On Friday we slept in, and headed to the airport for our flights home. After what felt like the longest travel day, I'm home with Big in my own bed.

All in all, despite the reason for our little trip, it was awesome getting to visit a new city. Life at home gets a little mundane and it really did feel like a little adventure.

Monday, June 12, 2017

Stiff Person Syndrome

June 2017 came in like a wrecking ball, and I apologize if you have Miley stuck in your head now like I do.

After years of searching for answers, and coming up with nothing, I've received two diagnoses in the last week, and one possible diagnosis. My internist told me I have Autonomic Neuropathy. Next I met with my Gastroenterologist, who told me I have Intestinal Dysmotility.

Lastly, I met with my Neurologist, who thinks I may have a disease called Stiff Person Syndrome based on my blood results and clinical symptoms, and is going to treat me as such. Since brain fog is a real thing over here right now, I'm going to copy and paste things from different websites and include sources, so you can learn about it if you'd like to.

This would be the answer to my walking/gait issues, which I thought we may never know.

"Stiff Person Syndrome (SPS) is a disease of the nervous system. Progressively severe muscle stiffness typically develops in the spine and lower extremities" Source  

"SPS is extremely rare. Although it is not possible to determine the exact prevalence, it may occur in fewer than 1 per million. The disease is more common in women (the ratio is 2 women for every man effected). There is no predilection for any race or ethnic group. There is an association with diabetes and perhaps over half of patients with SPS have or will develop diabetes. Other autoimmune diseases have been found in association with SPS, for example: thyroid disease and vitiligo." Source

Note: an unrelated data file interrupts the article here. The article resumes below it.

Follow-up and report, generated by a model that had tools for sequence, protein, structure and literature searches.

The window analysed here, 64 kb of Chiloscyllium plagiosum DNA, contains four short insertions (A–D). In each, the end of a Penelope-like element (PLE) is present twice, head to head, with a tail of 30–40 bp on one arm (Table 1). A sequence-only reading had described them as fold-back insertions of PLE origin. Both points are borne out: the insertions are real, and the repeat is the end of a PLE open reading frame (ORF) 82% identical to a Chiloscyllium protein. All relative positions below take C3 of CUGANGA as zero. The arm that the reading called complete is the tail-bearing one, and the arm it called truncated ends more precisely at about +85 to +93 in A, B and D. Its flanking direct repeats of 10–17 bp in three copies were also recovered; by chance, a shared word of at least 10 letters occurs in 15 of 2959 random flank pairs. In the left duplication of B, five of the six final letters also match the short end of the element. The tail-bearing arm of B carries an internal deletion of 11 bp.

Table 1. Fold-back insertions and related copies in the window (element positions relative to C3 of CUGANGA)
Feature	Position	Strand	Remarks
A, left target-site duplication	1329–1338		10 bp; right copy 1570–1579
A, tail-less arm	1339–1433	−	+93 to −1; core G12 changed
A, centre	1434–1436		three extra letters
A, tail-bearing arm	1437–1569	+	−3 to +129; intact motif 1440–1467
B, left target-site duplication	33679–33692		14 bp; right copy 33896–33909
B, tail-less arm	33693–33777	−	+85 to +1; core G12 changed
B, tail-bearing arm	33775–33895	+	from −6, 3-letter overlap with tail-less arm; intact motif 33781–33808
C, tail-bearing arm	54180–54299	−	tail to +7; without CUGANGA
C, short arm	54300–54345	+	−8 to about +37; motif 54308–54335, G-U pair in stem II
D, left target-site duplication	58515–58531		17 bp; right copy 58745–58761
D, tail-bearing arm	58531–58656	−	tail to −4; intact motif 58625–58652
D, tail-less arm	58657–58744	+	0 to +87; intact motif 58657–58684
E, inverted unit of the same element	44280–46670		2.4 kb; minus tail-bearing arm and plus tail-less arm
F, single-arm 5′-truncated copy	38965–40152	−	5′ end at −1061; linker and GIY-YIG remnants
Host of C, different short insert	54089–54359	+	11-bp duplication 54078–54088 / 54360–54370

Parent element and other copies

"Although most often the disease begins insidiously and progresses over years, in some cases symptoms can develop over weeks. The first symptom is usually a persistent progressive stiffening of the back or a limb. A sensation of aching or stiffness may be noted. This progresses with time and is described as stiffness, rigidity, hypertonia or increased tone. Additionally patients experience spasms of the involved muscles which are characterized as severe, tremendous, intense and painful. The examiner may feel there is a volitional component. When stiffness and spasms are present together patients have difficulty ambulating." Source 

"The pathophysiology of the disease is autoimmune. The most common pathologic correlate, anti–glutamic acid decarboxylase (GAD) antibodies." Source 

"Treatment may involve high-dose diazepam, anti-convulsants, or intravenous immunoglobulin (IVIG)." Source 

"Although SPS is a serious potentially life-threatening disease, and some of the treatments have serious potential side effects; the course of SPS is variable. There are patients who, with proper treatment, are able to return to activities they enjoy." Source

Before I even have time to let this sink in, we're headed to Cleveland Clinic. Who would have thought all of this would come days before my trip? When we get back I'll be starting the first line of treatment for SPS, which is high dose diazepam.  All I know is one thing... despite any sort of prognosis, I am so ready to close this chapter of my life and move onto the next. And here's to seeing what other answers and opinions may lie in Cleveland.